In our less generous moments, we might also talk about the fact that, dating back to the 2011/12 season, he’s scored nine goals in 24 ?Champions League games from the quarter-final stage onward. In ties where Barcelona have been knocked out in that span, he’s scored two goals in 13 games – both against Liverpool last season. How his habit of not stepping up in those biggest of games has cost Barça trophies on the European stage. Whether or not that’s his fault; whether he’s too integral to the club, whether the blame should fall on the players around him for not providing the support. 

The World Cup will come up. Not once in eight attempts, across four World Cups, has Messi scored a goal in a knockout game. Three Copa America finals, no goals. Three defeats. No trophies. Unless something big happens at next summer’s Copa America (Messi’ll be 34) or the 2022 World Cup in in Qatar (a 35-year-old with over 1,000 competitive games on the clock), one of the greatest careers of all time have a huge, stonking great asterisk next to it. 

Or…it won’t. For so many, the lack of international success nothing more than a crutch for people who need to niggle, to complain, to ask ‘but wouldn’t he have been better if…?’ Some of the blame for Argentina’s failures can be laid at the feet of coaches, of a weak crop of defenders, of strikers and other creators who failed to make the most of the space and chances provided by opposition teams’ monomaniacal focus on stopping Messi. 

We talk about all of these things, because we have to talk about Messi and we don’t have the words to do it directly. Because Messi has redefined what excellence is in the modern era, scoring at a goal per game for a full decade and providing more assists than any other player in the world. Doing it all with a left foot that could pick the locks on the front gate of Fort Knox. Doing it all for us to see, and see again, and pore over for every single second of his career.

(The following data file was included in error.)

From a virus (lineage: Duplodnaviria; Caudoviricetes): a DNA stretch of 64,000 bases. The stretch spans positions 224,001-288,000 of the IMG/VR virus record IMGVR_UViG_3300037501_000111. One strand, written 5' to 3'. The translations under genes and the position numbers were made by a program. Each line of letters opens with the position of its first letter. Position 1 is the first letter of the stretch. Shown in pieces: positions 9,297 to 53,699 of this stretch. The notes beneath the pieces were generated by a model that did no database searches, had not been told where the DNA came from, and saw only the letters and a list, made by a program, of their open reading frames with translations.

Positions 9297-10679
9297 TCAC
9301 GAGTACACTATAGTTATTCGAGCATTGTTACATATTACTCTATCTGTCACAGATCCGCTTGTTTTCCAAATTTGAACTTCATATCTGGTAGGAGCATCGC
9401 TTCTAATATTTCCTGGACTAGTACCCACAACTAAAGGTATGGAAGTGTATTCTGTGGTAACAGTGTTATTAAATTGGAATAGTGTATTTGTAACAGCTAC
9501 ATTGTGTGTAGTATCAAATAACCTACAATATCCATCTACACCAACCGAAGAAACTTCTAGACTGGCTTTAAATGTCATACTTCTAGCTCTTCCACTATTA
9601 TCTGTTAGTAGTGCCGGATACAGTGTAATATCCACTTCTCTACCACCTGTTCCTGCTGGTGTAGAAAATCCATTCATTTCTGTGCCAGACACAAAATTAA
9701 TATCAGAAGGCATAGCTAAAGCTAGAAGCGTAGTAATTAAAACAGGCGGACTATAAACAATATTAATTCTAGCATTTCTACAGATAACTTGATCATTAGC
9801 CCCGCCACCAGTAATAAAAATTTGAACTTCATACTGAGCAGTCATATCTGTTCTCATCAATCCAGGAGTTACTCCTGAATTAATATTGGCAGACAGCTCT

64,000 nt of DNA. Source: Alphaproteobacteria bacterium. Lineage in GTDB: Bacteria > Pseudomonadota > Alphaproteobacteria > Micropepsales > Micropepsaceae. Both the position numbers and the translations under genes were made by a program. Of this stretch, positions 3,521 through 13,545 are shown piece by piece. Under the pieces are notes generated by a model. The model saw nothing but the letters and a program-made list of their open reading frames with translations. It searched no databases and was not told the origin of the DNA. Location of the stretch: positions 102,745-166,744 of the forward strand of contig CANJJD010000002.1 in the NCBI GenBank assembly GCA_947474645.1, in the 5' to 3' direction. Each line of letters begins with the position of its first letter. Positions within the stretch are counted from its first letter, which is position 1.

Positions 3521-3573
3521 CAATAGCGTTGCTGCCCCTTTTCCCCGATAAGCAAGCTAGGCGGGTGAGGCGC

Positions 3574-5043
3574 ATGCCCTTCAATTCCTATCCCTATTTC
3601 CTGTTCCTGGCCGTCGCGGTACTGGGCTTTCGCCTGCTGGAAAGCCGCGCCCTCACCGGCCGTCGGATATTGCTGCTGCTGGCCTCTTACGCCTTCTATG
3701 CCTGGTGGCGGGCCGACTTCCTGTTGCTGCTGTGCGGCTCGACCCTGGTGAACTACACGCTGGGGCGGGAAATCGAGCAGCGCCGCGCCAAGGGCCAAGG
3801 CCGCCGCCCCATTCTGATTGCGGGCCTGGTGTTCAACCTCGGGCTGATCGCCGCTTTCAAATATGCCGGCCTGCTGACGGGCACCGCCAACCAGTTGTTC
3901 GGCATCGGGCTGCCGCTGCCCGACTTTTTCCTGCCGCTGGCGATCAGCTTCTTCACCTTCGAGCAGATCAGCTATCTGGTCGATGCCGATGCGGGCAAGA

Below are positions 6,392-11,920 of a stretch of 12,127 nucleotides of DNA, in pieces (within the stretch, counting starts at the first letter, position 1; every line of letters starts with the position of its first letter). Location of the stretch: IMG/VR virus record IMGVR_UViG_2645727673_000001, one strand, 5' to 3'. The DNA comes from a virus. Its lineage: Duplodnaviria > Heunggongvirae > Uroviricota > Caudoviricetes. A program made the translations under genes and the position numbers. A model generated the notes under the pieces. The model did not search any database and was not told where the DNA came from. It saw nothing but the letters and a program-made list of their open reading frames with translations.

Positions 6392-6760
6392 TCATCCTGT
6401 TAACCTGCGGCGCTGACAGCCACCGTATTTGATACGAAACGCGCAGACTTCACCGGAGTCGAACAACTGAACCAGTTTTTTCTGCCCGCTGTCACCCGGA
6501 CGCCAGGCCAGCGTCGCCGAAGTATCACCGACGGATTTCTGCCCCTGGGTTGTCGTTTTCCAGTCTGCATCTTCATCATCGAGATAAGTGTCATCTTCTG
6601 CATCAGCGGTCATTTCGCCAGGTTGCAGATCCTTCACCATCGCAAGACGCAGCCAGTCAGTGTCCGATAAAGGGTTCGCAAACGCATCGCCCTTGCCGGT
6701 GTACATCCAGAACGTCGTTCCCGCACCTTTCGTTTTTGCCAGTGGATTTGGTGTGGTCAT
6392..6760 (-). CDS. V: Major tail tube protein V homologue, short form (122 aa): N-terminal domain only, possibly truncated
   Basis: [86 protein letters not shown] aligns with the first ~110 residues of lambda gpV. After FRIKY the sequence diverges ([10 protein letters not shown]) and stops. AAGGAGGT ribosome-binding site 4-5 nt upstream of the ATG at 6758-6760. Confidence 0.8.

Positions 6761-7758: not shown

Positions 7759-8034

Lionel Messi has broken football. We’ll never look at the game the same way once he’s gone.

For more from Chris Deeley, follow him on Twitter at @ThatChris1209!

90min’s ‘Top 50 Greatest Footballers of All Time’ can be found here.

Number 50: Luka Modric

Number 49: John Charles

Number 48: Hugo Sanchez

Number 47: Jairzinho

Number 46: Omar Sivori

Number 45: Paolo Rossi

Number 44: Paul Breitner

Number 43: George Weah

Number 42: Kaka

Number 41: Lev Yashin

Number 40: Gunnar Nordahl

Number 39: Kevin Keegan

Number 38: Hristo Stoichkov

Number 37: Gianluigi Buffon

Number 36: Johan Neeskens

Number 35: Xavi Hernandez

Number 34: Luis Suarez

Number 33: Karl-Heinz Rummenigge

Number 32: Andres Iniesta

Number 31: Rivelino

Number 30: Bobby Moore

Number 29: Socrates

Number 28: Sandor Kocsis

Number 27: Lothar Matthaus

Number 26: Ronaldinho

Number 25: Ruud Gullit

Number 24: Bobby Charlton

Number 23: Giuseppe Meazza

Number 22: Raymond Kopa

Number 21: Romario

Number 20: Eusebio

Number 19: Marco van Basten

Number 18: George Best

Number 17: Zico

Number 16: Franco Baresi

Number 15: Cristiano Ronaldo

Number 14: Ferenc Puskas

Number 13: Paolo Maldini

Number 12: Gerd Müller

Number 11: Mané Garrincha

Number 10: Alfredo Di Stefano

Number 9: Roberto Baggio

Number 8: Michel Platini

Number 7: Ronaldo

Number 6: Zinedine Zidane

Number 5: Johan Cruyff 

Number 4: ?Franz Beckenbauer